Response to the BEIS Building our Industrial Strategy green paper

Written evidence submitted by The Research & Development Society

Background

Submitted in response to Building our Industrial Strategy green paper, which was published on 23 January 2017. Submitted by Nico Macdonald, 17/04/2017

The consultation ran from on 23 January until 17 April 2017

This working paper builds on the Response to the BIS Select Committee inquiry on Industrial Strategy which was submitted on 27/09/2016

Introduction

Founded more than 50 years ago, the underlying aim of the R&D Society has been to be the authoritative and representative voice of R&D in the UK. In this context, as the R&D landscape has changed, we have recognised the need to embrace such influences as globalisation and the need for multi-faceted collaboration, the reduction in budgets and changes in funding mechanisms, and the need to link development effort with end-user driven innovation. Our focus is on making the UK one of the most attractive global environments for R&D, with a particular emphasis on realising its potential to make a positive impact on social and economic wealth in the UK. The R&D Society welcomes the opportunity to make a response to the Government green paper.

Contact

The R&D Society would welcome publication of this response to enable greater open debate and would appreciate the opportunity for further discussion with the Secretary of State on the issues raised.

Further contact: Nico Macdonald, Chief Executive, R&D Society nico.macdonald@rdsoc.org +44 7973 377897

Executive summary

The case for defining an explicit national industrial strategy is self-evident: transforming science and technology-enabled innovation into social and commercial value is not something that can happen in a policy vacuum. The classical arguments for industrial policy in mainstream economics are based on two different justifications — market failure and system failure — which have constrained the nature and potential impact of intervention. We believe we need a third way of looking at the formulation of industrial strategy not constrained by these factors and base our approach on the widely acclaimed work of Dr Uday Phadke and Dr Shailendra Vyakarnam in their recently published book Camels, Tigers and Unicorns, an approach not constrained by systemic problems of boundary definition or the primacy of capital markets.

The green paper has identified 10 pillars on which it is basing the industrial strategy and has proposed some 107 actions, 43 of which are already underway. However, there appears to be limited recognition of the close coupling between fundamental research, applied research and development, innovation, the commercialisation of new products and services and the creation of new firms and industries. As a result much of the discussion still addresses science and technology policies in isolation without understanding the overall commercialisation narrative.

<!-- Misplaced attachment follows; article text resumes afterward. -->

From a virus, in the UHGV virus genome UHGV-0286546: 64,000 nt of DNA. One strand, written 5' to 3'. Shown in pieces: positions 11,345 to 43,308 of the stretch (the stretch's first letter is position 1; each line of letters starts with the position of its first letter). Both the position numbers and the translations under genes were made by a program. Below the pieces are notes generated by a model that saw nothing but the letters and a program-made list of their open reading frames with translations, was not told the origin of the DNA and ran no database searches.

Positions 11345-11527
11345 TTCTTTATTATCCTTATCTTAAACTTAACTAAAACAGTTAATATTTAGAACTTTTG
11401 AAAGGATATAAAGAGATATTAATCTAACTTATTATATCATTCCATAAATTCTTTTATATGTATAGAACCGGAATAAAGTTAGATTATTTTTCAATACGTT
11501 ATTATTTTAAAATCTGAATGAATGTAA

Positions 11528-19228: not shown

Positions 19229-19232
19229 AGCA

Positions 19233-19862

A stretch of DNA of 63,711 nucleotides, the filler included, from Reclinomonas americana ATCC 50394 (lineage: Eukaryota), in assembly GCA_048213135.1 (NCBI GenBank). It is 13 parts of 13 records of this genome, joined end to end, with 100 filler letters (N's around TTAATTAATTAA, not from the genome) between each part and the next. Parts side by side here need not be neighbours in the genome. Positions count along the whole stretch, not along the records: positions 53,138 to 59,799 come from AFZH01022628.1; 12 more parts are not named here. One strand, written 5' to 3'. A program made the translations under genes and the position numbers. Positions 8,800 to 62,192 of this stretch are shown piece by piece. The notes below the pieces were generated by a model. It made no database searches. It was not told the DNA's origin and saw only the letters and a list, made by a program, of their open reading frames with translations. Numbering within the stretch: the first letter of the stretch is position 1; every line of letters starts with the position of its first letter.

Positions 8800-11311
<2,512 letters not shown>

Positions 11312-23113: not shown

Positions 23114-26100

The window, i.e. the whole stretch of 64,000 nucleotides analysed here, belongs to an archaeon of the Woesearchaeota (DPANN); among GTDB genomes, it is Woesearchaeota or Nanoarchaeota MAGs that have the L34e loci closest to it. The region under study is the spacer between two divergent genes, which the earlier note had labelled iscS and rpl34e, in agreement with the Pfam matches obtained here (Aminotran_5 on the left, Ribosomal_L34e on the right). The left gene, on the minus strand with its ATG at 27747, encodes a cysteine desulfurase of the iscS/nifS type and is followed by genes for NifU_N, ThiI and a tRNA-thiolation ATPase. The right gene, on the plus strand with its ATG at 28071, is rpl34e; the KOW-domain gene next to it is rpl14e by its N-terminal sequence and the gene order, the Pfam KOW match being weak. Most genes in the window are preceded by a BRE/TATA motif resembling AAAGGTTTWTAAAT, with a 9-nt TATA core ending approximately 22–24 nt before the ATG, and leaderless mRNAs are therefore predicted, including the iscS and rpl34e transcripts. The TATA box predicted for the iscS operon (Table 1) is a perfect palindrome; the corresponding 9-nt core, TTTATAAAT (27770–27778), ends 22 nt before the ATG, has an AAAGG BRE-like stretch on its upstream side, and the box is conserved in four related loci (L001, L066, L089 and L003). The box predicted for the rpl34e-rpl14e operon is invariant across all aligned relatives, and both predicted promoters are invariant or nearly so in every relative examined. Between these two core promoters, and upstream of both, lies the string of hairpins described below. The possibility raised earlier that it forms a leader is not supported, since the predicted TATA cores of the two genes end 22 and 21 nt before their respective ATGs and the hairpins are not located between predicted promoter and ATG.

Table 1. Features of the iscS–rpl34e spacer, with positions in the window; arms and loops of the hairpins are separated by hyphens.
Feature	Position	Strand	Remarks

We are concerned that the wider set of drivers, and the relationships between them, which frame industrial strategy, are poorly understood and articulated. The potential policy levers available are much broader than those indicated by the proposed actions and questions. In the attached working paper submission, we expand on the points above and illustrate the sparse policy response in relation to the wider set of drivers in the commercialisation process. We have illustrated this using one of the pillars as example but the same conclusions can be drawn for other pillars in the green paper.

Towards a national industrial strategy

Authored on behalf of the Research & Development Society (www.rdsoc.org) by Board members Dr Uday Phadke and Dr David Hughes

This working paper is based on the extensive research carried out by Uday Phadke and Shailendra Vyakarnam over the last 15 years and reported more extensively in their recently published book ‘Camels, Tigers and Unicorns’. It provides an initial framework for building on the Government green paper on an Industrial Strategy.

1. Articulating a national industrial strategy

The case for defining an explicit national industrial strategy is self-evident: transforming science and technology-enabled innovation into social and commercial value is not something that can happen in a policy vacuum.

We believe that the remit for a national industrial strategy needs to be broad, as defined for example, by Warwick [1].